Even if parliament enacts the law, it is far from clear that Mr. Karzai will enact it. Though the country's next president is slated to be picked in elections on Saturday, Mr. Karzai will remain in power until the inauguration, currently planned for August.

Mr. Karzai is concerned about provisions required by the FATF that would impose rules on banks to prevent their misuse by political figures, their family members, and close associates, said Rangin Dadfar Spanta, Mr. Karzai's national-security adviser.

"Crime is an individual thing—you cannot extend it from Person X to an entire family," Mr. Spanta said. "If this paragraph is part of the money-laundering law, the president will not sign."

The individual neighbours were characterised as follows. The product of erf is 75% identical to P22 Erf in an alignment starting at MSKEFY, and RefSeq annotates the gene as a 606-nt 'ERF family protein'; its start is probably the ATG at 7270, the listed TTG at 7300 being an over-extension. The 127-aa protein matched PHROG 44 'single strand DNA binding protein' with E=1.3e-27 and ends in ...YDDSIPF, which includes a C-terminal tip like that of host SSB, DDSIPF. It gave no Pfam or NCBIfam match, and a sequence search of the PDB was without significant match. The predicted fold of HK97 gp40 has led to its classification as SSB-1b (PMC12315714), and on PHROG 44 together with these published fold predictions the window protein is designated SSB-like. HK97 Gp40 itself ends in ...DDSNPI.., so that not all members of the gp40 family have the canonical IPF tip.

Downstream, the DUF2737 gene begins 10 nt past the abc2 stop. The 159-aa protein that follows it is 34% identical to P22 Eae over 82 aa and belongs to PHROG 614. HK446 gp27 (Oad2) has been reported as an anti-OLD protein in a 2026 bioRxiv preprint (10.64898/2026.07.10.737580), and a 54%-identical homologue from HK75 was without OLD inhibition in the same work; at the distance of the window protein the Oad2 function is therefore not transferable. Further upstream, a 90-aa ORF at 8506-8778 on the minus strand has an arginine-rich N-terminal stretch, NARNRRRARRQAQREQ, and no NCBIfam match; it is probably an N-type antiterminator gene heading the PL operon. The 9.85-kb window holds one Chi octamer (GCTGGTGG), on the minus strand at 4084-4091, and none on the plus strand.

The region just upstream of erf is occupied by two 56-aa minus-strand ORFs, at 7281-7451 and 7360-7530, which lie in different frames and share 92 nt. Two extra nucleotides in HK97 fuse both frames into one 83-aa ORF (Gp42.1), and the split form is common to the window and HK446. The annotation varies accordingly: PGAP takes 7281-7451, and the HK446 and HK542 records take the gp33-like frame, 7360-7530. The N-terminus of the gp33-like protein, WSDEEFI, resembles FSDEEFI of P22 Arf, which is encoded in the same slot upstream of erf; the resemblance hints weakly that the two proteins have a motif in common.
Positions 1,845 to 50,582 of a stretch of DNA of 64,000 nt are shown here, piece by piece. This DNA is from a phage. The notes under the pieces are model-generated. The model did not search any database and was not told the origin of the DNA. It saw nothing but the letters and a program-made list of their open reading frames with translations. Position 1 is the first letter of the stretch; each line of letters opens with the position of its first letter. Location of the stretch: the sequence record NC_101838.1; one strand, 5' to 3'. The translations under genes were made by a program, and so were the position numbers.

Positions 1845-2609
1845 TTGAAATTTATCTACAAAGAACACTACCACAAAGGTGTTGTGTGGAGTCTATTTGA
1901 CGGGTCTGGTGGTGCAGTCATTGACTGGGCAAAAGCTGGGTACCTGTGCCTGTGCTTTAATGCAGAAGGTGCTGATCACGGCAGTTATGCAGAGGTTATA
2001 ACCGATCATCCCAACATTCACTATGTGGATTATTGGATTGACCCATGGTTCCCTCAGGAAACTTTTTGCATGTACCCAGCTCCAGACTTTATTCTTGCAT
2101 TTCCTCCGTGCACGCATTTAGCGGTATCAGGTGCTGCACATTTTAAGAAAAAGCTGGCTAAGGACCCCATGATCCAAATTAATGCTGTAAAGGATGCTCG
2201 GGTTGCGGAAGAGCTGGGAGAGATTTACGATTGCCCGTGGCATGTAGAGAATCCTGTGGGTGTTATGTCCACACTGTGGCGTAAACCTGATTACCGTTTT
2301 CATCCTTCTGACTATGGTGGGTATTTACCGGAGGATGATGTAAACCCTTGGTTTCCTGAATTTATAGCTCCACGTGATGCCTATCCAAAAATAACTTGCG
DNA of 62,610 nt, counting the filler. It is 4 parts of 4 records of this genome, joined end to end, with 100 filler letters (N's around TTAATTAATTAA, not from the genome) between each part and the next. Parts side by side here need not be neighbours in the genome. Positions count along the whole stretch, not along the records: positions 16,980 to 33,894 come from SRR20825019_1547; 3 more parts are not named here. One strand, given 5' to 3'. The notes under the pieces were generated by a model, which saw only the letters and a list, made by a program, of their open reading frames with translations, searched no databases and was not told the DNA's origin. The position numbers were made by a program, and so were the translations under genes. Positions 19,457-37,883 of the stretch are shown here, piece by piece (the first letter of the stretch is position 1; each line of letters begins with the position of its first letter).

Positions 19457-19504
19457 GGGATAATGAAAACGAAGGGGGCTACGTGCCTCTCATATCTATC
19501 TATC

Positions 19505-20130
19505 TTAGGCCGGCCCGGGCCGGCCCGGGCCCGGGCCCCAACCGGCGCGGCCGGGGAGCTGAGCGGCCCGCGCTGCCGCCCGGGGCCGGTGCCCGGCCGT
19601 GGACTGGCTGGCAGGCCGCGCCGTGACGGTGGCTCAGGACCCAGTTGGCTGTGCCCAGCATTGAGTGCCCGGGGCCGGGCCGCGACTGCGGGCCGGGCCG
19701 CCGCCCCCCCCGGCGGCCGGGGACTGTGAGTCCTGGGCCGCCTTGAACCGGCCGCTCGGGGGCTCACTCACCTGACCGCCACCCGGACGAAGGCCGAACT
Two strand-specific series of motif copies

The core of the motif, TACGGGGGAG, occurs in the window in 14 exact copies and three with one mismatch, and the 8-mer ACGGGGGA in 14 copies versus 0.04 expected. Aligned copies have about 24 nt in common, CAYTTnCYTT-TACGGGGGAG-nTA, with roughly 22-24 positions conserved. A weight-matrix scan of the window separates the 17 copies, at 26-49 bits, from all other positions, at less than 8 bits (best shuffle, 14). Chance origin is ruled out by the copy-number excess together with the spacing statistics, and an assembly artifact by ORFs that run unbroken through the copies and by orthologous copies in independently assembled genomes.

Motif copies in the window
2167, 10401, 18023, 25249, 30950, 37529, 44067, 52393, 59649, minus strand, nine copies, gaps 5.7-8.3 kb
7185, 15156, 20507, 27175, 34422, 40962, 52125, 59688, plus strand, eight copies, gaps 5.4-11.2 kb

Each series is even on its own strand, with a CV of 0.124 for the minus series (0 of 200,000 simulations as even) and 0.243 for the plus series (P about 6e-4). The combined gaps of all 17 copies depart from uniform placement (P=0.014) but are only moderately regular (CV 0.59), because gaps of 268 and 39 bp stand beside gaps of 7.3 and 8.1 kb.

"This is a legal issue, not a political issue," he said, adding that the required provisions "would collectively punish people. And collective punishment is fascism."

Mr. Karzai, who has declined to endorse a strategic security deal with the U.S. and repeatedly lashed out at Washington, views Western pressure to enact the money-laundering law as yet another attempt to undermine Afghan sovereignty, a Western diplomat said.

The prospect of a blacklisting by the FATF is just the latest threat to Afghanistan's financial system amid a global crackdown on money-laundering.

The country accounts for the bulk of global production of illicit opiate drugs, and therefore presents a particular risk for money-laundering. Corruption is endemic, according to Western and Afghan observers.